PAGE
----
Tag Archives: twins

Two Hearts

“Eko Idumota, Eko Idumota!!! Mi ò ní change o, wölé pèlú change ë. I no get change, I dey talk my own now oh.”

Adeola froze when she heard the voice. She was on her way to the market to buy black clothes for her mother. Her mother had never liked the colour black as she associated it with death.

Growing up, Adeola had been warned many times by her mother against wearing black. Her mother was of the belief that the colour was a bad omen and attracted evil. She and her mum always had a running battle over this, as Adeola loved the colour black. She sometimes dressed in all black while she was in the university and was unbothered by the strange looks she sometimes got.

Her mother who never wore black was now forced to wear it. Her husband’s body was lying cold in the mortuary and tradition expected that she was garbed in the colour black.

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“Aunty, comot for road if you no dey go make another person enter my moto jo. Eko Idumota!!!” The voice boomed above the other voices shouting their various destinations. A passenger trying to get into the bus shoved Adeola to the side and she turned.

Their eyes met. Shock registered boldly on their faces and they stared at each other.

“Eko….” He stopped mid-sentence; his eyes locked on hers. The bus was about moving and she flagged it to stop.

“O n wölé.” The conductor shouted and the bus halted.

Adeola entered the bus as she continued to stare at the conductor.

The conductor was speechless as he also couldn’t take his eyes off Adeola.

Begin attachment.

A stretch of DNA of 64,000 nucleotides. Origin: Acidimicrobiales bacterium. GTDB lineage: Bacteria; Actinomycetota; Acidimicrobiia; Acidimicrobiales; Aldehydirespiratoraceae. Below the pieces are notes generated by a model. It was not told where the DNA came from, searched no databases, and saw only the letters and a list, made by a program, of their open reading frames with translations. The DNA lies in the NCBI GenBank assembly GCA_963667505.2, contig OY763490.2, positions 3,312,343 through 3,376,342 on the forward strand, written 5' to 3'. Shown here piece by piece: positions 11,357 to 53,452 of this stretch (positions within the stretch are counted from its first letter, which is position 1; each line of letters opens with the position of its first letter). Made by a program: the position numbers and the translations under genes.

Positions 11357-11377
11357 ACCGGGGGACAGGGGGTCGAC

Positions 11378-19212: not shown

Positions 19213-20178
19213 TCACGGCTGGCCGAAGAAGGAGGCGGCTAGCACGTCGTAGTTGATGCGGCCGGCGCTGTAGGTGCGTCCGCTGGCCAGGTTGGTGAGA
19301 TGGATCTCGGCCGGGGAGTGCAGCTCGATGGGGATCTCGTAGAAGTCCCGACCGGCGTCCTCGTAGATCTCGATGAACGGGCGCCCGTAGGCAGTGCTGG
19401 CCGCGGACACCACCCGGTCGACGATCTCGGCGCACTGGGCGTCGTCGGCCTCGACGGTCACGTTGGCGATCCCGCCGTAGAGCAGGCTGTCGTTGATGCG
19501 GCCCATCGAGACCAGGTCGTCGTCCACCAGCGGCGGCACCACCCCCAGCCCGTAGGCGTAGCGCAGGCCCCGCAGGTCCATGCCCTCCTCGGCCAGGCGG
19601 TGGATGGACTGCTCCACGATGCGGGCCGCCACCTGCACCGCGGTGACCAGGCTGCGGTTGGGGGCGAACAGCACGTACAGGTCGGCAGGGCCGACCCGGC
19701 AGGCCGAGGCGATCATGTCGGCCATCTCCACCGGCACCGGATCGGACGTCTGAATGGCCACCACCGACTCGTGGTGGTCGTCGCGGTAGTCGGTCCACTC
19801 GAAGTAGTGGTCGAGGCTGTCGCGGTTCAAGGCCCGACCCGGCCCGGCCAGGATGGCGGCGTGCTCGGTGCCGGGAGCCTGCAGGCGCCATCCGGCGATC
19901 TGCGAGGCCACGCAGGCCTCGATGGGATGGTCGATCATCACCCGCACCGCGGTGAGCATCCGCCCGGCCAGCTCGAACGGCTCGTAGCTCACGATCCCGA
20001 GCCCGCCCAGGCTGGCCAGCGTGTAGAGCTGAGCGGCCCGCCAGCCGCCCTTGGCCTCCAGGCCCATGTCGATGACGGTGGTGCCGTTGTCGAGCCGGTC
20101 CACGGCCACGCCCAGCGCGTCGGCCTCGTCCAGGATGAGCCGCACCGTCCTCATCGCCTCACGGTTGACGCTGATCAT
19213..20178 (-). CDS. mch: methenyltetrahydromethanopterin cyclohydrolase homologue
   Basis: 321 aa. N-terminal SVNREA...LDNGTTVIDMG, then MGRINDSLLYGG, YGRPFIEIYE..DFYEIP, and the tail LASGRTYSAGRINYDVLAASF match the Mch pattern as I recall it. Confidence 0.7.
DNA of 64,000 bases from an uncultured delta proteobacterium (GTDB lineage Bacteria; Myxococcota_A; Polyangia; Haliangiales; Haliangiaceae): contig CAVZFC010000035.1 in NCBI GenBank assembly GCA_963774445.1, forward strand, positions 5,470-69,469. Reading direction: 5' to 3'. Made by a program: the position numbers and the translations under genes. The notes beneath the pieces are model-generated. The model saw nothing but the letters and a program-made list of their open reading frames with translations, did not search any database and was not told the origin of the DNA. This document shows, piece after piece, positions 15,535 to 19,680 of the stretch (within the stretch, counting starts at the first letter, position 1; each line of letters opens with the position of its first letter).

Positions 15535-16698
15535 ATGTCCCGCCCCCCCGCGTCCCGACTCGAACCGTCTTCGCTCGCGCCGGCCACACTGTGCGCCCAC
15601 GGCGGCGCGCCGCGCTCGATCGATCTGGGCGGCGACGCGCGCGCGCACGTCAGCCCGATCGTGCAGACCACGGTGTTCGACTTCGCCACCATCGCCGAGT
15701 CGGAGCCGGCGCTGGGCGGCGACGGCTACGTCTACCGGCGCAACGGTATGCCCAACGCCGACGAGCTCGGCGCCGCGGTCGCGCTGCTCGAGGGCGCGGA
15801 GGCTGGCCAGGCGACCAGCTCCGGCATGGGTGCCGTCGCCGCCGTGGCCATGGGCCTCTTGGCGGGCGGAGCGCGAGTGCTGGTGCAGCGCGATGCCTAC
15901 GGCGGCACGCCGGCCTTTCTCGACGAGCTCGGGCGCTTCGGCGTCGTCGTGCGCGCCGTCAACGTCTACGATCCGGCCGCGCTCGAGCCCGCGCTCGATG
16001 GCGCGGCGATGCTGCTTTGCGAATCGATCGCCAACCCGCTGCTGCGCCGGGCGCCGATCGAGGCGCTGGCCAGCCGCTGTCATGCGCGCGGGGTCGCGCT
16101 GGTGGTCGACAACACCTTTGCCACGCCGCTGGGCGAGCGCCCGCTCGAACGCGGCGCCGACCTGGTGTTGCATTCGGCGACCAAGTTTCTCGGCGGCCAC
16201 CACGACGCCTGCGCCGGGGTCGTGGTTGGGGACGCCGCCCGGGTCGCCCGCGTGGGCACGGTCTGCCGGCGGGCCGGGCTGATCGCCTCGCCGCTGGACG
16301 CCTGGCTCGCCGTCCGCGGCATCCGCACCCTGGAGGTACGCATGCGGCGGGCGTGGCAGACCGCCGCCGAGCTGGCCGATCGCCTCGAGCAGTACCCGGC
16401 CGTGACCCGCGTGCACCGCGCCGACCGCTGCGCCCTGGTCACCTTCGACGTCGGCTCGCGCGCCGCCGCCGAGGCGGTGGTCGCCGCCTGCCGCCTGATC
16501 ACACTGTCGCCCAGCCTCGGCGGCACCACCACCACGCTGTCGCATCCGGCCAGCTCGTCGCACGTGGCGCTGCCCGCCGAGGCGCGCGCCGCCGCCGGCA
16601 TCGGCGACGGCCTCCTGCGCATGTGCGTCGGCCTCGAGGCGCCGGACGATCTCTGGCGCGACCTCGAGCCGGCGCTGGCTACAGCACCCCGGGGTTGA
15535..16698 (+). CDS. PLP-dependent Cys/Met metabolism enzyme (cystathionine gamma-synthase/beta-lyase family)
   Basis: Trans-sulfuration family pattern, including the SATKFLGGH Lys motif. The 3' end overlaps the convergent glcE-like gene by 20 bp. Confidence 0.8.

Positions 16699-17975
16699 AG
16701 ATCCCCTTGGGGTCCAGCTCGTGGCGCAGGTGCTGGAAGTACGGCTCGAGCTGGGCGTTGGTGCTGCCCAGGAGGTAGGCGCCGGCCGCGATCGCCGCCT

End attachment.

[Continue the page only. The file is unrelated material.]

“Bèrè sí gba owó mí o.” The driver shouted at the conductor.

The conductor began to collect the fares from the passengers. Adeola stretched a two hundred note to him but he refused to collect it.

“Collect your money, Deolu.” Adeola said.

Deolu ignored her as he turned his back to her.

“Deolu!” Adeola called out again.

Deolu burst out into tears. He began to wipe off his tears with his hands, embarrassed by his sudden breakdown in the presence of strangers.

“Ahn…ahn, wetin happen?” One of the passengers sitting beside Adeola asked.

“Wetin you tell am wey he dey cry?” Another asked.

Another passenger looked at Adeola and looked at the conductor. She opened her mouth wide and exclaimed. “Olúwa ò.”

“Wetin dey happen for dia? Kí ló dé?” The driver shouted. He took his eyes off the road briefly. “S’ó ò lè sòrò ni? Mo ní kí n ló sëlè níbè yën?”

“Driver, take am easy oh. You no look the face of your conductor and this girl.” Another passenger said.

“Wetin do dia face wey I go dey look am?”

“E be like dem be family?”

“So how that one take consine me?” The driver snorted. “Me I no get family too?”

“Driver, ó wà o.” Adeola said. She turned to Deolu. “Daddy is dead, you can come home now. The burial is next Thursday.”

Deolu shook his head as his tears flowed freely down his cheeks.

Adeola touched her twin brother’s shoulders as she made an attempt to alight from the bus. “Please come home. Maami’s heart has been broken since you left. Don’t let her die without knowing you are still alive. Please!” Adeola pleaded.